Friday Fast Fact | The ‘Computer Bug’
Sept. 9th, 1947

Friday Fast Fact | The ‘Computer Bug’ <br/> <span style='color:#000000;font-size: 18px;'>Sept. 9th, 1947</span>
Brian Schopper, Marketing Manager

In a time so strongly influenced by technology and computing power, computer and software bugs are by no means an uncommon occurrence. At their smallest, they can be annoying or disruptive to productivity. In some cases, the existence of a bug in software can lead to catastrophic outcomes.

Take, for instance, the infamous Y2K Bug. As the year 2000 loomed closer, there was a pervasive fear that computing systems were not equipped to handle years starting with “20”, instead of “19”. Though this panic was largely misplaced, it did create a push for upgraded systems and software, in anticipation of such bugs.

In another instance, a miscommunication about imperial/metric measurement in its coding and operation caused the Mars Climate Orbiter to be destroyed in space. It was coded for metric units, but operated using parameters in imperial units. This bug cost NASA nearly $200 million, factoring in research, development, and operation.

But did you know that the first recorded instance of a computer bug actually dates back to September 9th, 1947? In fact, this incident gave us the very name “bug” itself, when dealing with computer issues.

Interestingly, this historic computer bug wasn’t an error in code or programming, but an actual… bug! Quite literally, the first known computer bug in history was a moth that made its way into Harvard’s Mark II Computer on Sept. 9th, 1947. After removing the moth from the computer, the operators actually attached it to the logbook from that day’s work. (In fact, this very instance is where the phrase “debugging” comes from as well.)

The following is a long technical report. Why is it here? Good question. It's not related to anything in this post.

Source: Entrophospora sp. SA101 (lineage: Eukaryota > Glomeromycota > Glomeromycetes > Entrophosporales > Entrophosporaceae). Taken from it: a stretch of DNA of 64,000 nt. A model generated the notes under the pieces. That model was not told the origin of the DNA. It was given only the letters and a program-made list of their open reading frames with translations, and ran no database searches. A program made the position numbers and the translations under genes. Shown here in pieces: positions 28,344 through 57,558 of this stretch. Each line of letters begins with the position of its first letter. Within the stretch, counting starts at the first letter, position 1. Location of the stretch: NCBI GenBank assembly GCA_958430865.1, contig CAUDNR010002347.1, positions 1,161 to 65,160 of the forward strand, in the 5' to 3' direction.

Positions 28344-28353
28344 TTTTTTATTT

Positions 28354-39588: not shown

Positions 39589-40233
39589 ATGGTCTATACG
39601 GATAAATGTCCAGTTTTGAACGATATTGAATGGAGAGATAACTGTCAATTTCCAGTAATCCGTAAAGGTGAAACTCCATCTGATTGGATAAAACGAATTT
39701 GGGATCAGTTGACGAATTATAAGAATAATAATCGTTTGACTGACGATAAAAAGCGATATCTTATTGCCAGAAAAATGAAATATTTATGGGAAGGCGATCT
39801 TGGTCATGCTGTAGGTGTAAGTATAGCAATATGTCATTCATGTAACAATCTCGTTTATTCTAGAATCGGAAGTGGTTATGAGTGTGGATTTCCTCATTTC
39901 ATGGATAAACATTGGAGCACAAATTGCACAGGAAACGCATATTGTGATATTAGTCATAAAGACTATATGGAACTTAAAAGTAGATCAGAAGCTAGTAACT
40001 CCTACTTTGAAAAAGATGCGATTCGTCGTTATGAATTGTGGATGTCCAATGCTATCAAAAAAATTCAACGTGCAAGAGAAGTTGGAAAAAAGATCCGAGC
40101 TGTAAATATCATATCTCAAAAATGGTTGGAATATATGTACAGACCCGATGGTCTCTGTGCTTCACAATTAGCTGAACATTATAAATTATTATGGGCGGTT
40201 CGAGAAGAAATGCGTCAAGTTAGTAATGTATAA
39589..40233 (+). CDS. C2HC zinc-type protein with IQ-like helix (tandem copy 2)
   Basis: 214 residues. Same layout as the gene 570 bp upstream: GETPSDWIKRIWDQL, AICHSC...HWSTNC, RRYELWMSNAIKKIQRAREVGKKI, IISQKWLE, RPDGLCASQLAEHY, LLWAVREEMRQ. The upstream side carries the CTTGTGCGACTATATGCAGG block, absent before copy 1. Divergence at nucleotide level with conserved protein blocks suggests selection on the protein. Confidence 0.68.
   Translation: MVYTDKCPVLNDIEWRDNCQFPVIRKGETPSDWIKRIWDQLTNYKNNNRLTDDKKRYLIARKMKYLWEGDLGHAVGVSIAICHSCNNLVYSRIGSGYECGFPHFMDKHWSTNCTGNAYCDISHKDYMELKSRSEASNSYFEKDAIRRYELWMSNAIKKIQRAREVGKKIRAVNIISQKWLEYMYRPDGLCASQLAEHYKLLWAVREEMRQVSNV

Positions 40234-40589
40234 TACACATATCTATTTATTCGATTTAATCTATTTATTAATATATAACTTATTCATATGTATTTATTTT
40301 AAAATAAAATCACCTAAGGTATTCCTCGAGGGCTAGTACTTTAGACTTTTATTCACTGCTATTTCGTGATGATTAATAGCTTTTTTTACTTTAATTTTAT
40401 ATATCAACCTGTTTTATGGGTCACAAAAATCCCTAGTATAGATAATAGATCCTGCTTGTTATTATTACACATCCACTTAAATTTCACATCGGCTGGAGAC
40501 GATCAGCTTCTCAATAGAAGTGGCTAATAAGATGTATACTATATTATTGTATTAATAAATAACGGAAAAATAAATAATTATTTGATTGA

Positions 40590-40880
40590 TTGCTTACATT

Though Thomas Edison noted “bugs” in inventions of his own and was the first known user of the phrase, our understanding of it in the context of computers and programming comes from a seemingly innocuous incident 75 years ago.

As the OOH industry continues to evolve, and the systems and processes we rely on become increasingly complex, rooting out bugs can become an even more difficult task. Next time you’re dealing with some bugs in your computer or software, give a thorough check –  maybe it’s a moth!

The First Computer Bug Moth found trapped between points at Relay # 70, Panel F, of the Mark II Aiken Relay Calculator while it was being tested at Harvard University, 9 September 1945. The operators affixed the moth to the computer log, with the entry: First actual case of bug being found. They put out the word that they had debugged the machine, thus introducing the term debugging a computer program. In 1988, the log, with the moth still taped by the entry, was in the Naval Surface Warfare Center Computer Museum at Dahlgren, Virginia. Courtesy of the Naval Surface Warfare Center, Dahlgren, VA., 1988. U.S. Naval History and Heritage Command Photograph.